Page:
Isaiah 58:1 Shout it aloud, do not hold back. Raise your voice like a trumpet. Declare to my people their rebellion and to the house of Jacob their sins.

    Hosea 6:5 Therefore I cut you in pieces with my prophets, I killed you with the words of my mouth; my judgments flashed like lightning upon you.

    Revelation 11:3,5 And I will give power to my two witnesses, and they will prophesy . . . fire comes from their mouths and devours their enemies. . . .

By briefly quoting most of the Old Testament prophets (including Moses and Samuel) Bevere makes a strong case for concluding that their divine mission was to prick the hearts of their hearers so that they might return to God. He later confirmed this by briefly examining Revelation’s letters to the seven churches, and the ministry of John the Baptist. In the case of the latter, he alluded to the Baptist denouncing materialism (Luke 3:11-14) – not a popular message today!) and to this:

    Luke 3:7-9 John said to the crowds coming out to be baptized by him, “You brood of vipers! Who warned you to flee from the coming wrath? Produce fruit in keeping with repentance. And do not begin to say to yourselves, ‘We have Abraham as our father.’ For I tell you that out of these stones God can raise up children for Abraham. The ax is already at the root of the trees, and every tree that does not produce good fruit will be cut down and thrown into the fire.”

I don’t, however, recall Bevere mentioning why this prophet was imprisoned and beheaded: he denounced Herod’s sexual impropriety (Matthew 14:3-4; Luke 3:19) – again rarely heard coming from the lips of today’s supposed prophets).

From those who encourage personal prophecies I’ve heard much emphasis on “everyone who prophesies speaks to men for their strengthening, encouragement and comfort” (1 Corinthians 14:3). Bevere tries hard to convince that this does not mean New Testament prophecy is as wishy washy as those words suggest, but perhaps we should take this next Scripture more seriously than I’ve heard anyone take it:

    1 Corinthians 14:24 But if an unbeliever or someone who does not understand comes in while everybody is prophesying, he will be convinced by all that he is a sinner and will be judged by all . . . (Emphasis mine)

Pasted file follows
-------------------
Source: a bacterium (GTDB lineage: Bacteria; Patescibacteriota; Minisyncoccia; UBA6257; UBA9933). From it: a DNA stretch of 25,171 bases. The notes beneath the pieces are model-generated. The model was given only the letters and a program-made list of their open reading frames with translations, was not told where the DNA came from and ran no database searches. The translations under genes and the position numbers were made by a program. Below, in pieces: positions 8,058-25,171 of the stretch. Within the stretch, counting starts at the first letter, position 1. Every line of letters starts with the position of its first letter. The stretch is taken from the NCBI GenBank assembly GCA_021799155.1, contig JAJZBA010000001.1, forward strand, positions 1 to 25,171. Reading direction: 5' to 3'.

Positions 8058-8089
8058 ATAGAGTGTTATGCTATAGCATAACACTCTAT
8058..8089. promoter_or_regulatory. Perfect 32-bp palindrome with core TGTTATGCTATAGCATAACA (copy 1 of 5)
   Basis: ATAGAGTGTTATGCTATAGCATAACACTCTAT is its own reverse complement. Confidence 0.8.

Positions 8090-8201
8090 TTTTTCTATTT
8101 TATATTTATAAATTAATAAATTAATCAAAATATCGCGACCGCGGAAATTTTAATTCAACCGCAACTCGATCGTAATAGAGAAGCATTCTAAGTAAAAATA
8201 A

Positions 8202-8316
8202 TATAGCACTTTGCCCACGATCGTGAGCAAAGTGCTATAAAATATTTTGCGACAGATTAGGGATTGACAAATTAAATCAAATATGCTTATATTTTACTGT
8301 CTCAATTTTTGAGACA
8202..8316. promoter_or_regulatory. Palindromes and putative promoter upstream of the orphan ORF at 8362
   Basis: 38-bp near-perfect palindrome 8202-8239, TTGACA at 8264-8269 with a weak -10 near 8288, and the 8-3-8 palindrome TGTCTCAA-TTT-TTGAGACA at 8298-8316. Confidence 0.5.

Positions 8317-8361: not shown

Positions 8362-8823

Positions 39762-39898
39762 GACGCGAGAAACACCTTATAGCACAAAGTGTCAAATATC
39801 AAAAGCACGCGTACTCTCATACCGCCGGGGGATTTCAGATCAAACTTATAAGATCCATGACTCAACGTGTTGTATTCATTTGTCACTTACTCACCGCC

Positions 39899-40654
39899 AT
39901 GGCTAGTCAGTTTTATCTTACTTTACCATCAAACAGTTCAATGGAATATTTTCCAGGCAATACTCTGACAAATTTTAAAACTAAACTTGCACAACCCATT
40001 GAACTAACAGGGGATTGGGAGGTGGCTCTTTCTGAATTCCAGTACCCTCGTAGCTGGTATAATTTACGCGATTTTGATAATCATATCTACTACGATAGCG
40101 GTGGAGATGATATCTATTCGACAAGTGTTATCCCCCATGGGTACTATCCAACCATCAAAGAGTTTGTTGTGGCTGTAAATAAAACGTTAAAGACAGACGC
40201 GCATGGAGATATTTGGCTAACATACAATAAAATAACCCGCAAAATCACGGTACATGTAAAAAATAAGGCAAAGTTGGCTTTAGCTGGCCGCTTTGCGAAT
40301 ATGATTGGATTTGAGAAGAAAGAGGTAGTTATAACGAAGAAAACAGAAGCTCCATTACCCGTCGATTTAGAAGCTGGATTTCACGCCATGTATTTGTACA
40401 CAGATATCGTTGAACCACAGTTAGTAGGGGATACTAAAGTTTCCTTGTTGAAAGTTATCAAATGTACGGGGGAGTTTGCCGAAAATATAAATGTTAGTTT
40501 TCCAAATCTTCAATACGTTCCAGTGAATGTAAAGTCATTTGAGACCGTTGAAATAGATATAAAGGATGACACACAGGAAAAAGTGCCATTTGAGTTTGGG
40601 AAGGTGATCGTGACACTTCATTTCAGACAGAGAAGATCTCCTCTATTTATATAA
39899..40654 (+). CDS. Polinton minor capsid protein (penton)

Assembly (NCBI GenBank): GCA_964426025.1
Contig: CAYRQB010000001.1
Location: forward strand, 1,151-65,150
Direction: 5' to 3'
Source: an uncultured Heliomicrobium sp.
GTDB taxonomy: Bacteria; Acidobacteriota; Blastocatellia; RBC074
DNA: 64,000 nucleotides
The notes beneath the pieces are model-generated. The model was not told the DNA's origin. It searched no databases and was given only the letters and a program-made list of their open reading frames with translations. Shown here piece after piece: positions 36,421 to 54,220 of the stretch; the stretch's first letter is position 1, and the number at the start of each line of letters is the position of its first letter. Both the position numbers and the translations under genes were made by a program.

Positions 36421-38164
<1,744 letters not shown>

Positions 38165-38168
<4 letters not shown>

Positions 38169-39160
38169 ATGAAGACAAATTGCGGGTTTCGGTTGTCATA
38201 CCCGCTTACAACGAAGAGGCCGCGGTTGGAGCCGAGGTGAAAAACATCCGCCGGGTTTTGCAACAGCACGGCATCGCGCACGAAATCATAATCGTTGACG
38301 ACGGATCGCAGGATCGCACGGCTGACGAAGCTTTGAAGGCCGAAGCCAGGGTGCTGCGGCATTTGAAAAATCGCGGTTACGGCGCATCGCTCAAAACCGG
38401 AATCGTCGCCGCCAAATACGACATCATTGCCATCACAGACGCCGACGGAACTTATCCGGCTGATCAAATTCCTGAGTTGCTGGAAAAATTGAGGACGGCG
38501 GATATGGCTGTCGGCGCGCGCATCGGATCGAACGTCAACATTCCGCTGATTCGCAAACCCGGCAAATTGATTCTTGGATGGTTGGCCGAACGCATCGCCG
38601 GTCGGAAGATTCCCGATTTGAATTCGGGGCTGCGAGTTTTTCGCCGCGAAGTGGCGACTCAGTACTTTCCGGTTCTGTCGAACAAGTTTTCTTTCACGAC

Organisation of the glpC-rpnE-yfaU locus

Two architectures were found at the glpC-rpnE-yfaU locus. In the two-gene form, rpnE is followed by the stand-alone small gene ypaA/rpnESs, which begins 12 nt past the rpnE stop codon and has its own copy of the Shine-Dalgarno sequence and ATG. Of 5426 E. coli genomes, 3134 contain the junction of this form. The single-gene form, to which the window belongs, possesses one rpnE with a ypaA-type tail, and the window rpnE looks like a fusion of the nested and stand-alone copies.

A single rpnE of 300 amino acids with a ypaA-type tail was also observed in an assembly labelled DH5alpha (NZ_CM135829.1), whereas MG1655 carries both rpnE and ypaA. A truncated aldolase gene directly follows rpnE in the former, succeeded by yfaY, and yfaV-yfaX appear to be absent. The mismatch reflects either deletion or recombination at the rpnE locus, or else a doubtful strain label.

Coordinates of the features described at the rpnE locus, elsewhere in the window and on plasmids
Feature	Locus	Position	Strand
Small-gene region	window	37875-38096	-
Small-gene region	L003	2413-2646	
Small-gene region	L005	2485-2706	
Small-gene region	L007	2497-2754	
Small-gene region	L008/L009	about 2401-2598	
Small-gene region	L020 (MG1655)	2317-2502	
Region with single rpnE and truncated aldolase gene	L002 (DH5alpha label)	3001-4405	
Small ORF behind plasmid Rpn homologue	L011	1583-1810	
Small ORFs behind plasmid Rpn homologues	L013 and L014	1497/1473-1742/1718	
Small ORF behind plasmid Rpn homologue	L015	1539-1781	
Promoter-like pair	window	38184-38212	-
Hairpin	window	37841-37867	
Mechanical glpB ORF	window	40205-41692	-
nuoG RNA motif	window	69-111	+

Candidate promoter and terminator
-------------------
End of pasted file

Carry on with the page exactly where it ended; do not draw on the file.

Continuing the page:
The Word of God specifically calls Jonah a prophet (2 Kings 14:25) and here’s the most important prophecy of his life: “Forty more days and Nineveh will be overthrown,” (Jonah 3:4). Forty days later, Nineveh was thriving and continued to do so for years! Did this make Jonah a false prophet, or have most of us failed to understand the purpose of genuine prophecy? In The Mysterious Nature of Prophecy I show from Scripture after Scripture that prophetic words from God do not make future events inevitable and were never intended to do so. The Lord gives prophecies with a view to eliciting a response, and whether the events mentioned actually happen hinges on how the recipient responds.

Although at times the Bible’s prophets spoke of future events or declared words to individuals, Bevere concludes that these are but minor components of a prophet’s ministry. Today, he believes, many have slipped to majoring on the minor and some have reduced the sacred gift to fortune telling and, to use my harsher words, even a sideshow to attract an audience of thrill seekers rather than people who hunger and thirst for the righteousness of God.

Bevere says that “though the words of flesh may be pleasant to our ears, they will lead us to defilement, destruction, or possibly death. Words of the Spirit, even if initially unpleasant, lead you to the heart of God.” (4) He says that despite him receiving numerous ‘prophetic words,’ only a handful proved to be truly from God and had he heeded many of the others he would have ended up confused and “most likely detoured from the will of God.” (4)

He says that although it is wrong “to be so overly cautious and critical that we reject” messages that are truly from God, “At present I believe we err in Spirit-led circles to the loose acceptance of every word.” (5)

* * *


Whereas some prophecies are intended for an entire congregation, personal prophecies are meant for an individual. We have been almost exclusively discussing the personal type, and I have a suggestion for the delivery of such prophecies. I ask no one to accept my suggestion but merely to consider whether it might cool the temperature enough to lessen some of the excesses and introduce some safeguards.

Today’s personal prophecies are rarely kept personal but are turned into a public spectacle for people to flout their gift and for recipients to feel publically exalted. Making a show of personal prophecies increases the dangers of onlookers becoming envious and of feeding the egos of both prophet and recipient. On the other extreme, it does not seem ideal for personal prophecies to usually be one-on-one. A degree of accountability and the presence of two or three discerning people is desirable.

If, during a meeting, words for individuals are received, it seems to me safest not to deliver them in the meeting but to ask the individuals to remain after the end of the service and then be taken, one at a time somewhere private where the message is delivered in the presence of the church’s spiritual leader and a few discerning people who are humble but not overawed by anyone renowned for being a prophet. Those evaluating the prophecy should be encouraged to voice any concerns, provisos, clarifications, and so on. If a prophet considers himself too big for such scrutiny, it would make me question both his humility and his confidence that God would confirm the accuracy of his message.

* * *

My Experience